... and I use it to bludgeon him to death.
Look, the column
is no good. Boring, stale, rehashed -- and the big revelation is an allegation by an anonymous source that gasp! the Red Sox wanted to keep Daisuke Matsuzaka away from the Yankees.
Well, no shit.
My issue is with this paragraph, which appears in an odd little below-the-dot addendum at the end of the piece:
Varitek was speaking before the Red Sox abandoned their plan to make Jonathan Papelbon a starter and restored him to the closer role he filled so capably for most of last season. But his exit from the starting rotation presumably weakens it. It now has two 40-year-olds, one of whom, Tim Wakefield, had a losing record last season that might have made the difference between the Red Sox making and not making the playoffs.
Read that last sentence again. According to Murray Chass, Tim Wakefield was (okay, "might have" been) the reason the Red Sox didn't make the playoffs last year. This is sort of like blaming Azerbaijan for fucking up the war in Iraq, except a million times more egregious and important and serious.
Mr. Chass, let me explain to you how you go about not writing a sentence like that. I know you don't cotton to VORP
or WARP or people who believe, as I do, that the game of baseball is played by animatronic numbers swinging bats and fielding balls. Unfortunately, this method involves a computer, which you may have to purchase, and the Internet, which you may have to look up in a dictionary and then dismiss as a fad.
Alternatively, you could probably find this information at the library with your knowledge of card catalogs and the Dewey Decimal Classification System. It would only take several more hours and ten times the work.
First, find last year's baseball standings
. You will discover that the Red Sox finished eleven games behind the AL East champion Yankees and nine games behind the Wild Card Tigers. So we'll go with nine games as the ground the Sox needed to make up to reach the playoffs.
Now look up Tim Wakefield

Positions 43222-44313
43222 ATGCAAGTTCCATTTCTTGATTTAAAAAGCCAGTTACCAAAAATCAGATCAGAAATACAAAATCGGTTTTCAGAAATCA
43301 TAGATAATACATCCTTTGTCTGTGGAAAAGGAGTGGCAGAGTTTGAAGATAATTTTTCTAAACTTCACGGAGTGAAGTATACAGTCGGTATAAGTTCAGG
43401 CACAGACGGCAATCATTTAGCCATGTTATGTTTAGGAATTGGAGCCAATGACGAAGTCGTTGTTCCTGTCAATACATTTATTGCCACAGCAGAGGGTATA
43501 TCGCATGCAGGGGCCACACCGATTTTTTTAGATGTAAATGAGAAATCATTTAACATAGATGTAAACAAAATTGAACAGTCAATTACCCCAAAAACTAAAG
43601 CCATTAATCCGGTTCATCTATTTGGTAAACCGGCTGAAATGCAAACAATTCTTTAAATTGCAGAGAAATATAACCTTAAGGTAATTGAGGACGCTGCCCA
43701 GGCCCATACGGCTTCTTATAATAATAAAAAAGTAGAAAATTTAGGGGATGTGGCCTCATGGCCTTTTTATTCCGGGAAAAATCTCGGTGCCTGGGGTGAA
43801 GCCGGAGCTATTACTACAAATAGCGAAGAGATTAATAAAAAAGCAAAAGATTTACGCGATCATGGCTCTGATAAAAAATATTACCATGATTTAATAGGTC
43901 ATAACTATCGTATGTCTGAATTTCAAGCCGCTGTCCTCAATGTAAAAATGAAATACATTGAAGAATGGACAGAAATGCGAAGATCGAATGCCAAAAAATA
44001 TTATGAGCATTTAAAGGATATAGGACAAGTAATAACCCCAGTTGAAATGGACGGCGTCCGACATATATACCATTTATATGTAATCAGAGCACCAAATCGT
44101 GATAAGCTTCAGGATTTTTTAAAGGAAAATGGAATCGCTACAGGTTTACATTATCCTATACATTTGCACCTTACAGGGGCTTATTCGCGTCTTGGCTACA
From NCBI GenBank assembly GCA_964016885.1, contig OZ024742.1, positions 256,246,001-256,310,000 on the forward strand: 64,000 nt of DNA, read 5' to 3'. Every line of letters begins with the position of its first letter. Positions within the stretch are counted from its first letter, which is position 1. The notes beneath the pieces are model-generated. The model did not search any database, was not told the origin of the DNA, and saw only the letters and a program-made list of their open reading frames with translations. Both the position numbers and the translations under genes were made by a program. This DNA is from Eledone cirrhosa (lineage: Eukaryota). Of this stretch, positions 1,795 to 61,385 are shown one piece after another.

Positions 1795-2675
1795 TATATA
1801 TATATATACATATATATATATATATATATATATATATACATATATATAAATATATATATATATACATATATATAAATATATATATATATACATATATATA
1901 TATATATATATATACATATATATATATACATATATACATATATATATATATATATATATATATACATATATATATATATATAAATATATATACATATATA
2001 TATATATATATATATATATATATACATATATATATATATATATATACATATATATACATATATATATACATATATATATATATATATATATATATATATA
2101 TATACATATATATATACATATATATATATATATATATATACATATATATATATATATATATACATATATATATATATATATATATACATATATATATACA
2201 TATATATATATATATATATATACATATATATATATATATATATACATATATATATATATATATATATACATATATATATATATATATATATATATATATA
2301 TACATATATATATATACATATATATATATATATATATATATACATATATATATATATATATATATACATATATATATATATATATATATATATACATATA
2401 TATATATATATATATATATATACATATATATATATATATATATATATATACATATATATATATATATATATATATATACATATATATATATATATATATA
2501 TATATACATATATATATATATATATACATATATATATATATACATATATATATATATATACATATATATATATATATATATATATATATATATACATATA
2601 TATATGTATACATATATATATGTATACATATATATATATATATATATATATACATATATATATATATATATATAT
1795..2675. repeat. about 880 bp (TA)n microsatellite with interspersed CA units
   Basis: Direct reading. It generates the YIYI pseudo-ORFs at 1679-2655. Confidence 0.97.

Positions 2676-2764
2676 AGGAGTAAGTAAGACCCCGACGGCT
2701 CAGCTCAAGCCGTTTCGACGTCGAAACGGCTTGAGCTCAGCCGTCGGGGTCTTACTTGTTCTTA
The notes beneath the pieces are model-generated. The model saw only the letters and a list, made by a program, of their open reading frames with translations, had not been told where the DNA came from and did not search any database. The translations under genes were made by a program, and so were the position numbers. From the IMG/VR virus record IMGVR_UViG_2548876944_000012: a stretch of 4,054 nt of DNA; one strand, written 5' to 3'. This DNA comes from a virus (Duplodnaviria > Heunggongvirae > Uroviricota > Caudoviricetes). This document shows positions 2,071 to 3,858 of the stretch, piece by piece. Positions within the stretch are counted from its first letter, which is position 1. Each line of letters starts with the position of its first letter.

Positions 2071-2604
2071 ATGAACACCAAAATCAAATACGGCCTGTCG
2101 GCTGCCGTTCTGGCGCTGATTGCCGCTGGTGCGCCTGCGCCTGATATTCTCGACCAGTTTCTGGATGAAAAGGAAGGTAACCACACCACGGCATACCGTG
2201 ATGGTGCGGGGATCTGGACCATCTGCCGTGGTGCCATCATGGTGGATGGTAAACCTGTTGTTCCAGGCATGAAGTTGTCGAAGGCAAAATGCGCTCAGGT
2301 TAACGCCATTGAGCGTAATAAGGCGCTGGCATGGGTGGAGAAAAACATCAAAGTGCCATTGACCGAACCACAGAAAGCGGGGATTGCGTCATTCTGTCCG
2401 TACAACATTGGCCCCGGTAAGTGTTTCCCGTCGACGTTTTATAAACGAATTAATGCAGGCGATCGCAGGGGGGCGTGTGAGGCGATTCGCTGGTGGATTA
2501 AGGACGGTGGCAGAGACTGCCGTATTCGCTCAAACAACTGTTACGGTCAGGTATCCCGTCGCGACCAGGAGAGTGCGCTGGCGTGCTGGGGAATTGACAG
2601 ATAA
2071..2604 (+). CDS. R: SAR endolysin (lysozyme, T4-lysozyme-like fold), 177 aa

. Yahoo (don't worry about what that is) provides a record of all of the games he pitched in last year. Huh. Look at that. In 23 games started by Wakefield, the Red Sox went 11-12.
Your claim, remember, is that "Tim Wakefield had a losing record last season that might have made the difference between the Red Sox making and not making the playoffs."
11-12. Nine games out. So Tim Wakefield would've had to have willed his team to go 20-3 in his games he started in order for them to even pull into a tie with the Tigers.
I think it's pretty fair to blame him for that.
I'm jumping all over Chass for a minor mistake in a minor piece written before the season has even started. But I think it's a minor mistake that reflects either carelessness (if you're willing to be charitable) or a fundamental misunderstanding of very basic statistics and player value. It's like Chass saw on a piece of paper that Wakefield went 7-11 and decided he had a terrible year because hey, that's losing and losing is bad. The year before he went 16-12. That's winning! There you have it: Tim Wakefield, 2006 goat.
Here's the thing: Wakefield may have finished 16-12, but in games Wakefield started in 2005, the Red Sox went 17-16. That's basically .500. Which is basically what they did in his starts in 2006. Because that's what Tim Wakefield gives you -- league-average ERA and hopefully, lots of innings. (His last three ERA+ years have looked like this: 100, 106, 100.)
Wakefield did miss starts last year, and that hurt the Red Sox, but keep in mind that that's not what Chass is saying. No: he is saying that 7-11 (losing!) somehow damned the Red Sox to that ignominious third place finish.
See, being afraid of numbers and resistant to change and unwilling to learn new things doesn't just make you look like a sad, anachronistic old kook. It can actually hurt your writing in concrete, demonstrable ways. It can make you assert things that with an ounce of research can be shown to be patently ridiculous.
I am beginning to think that Murray Chass could improve as a sportswriter.
Labels: murray chass, red sox, tim wakefield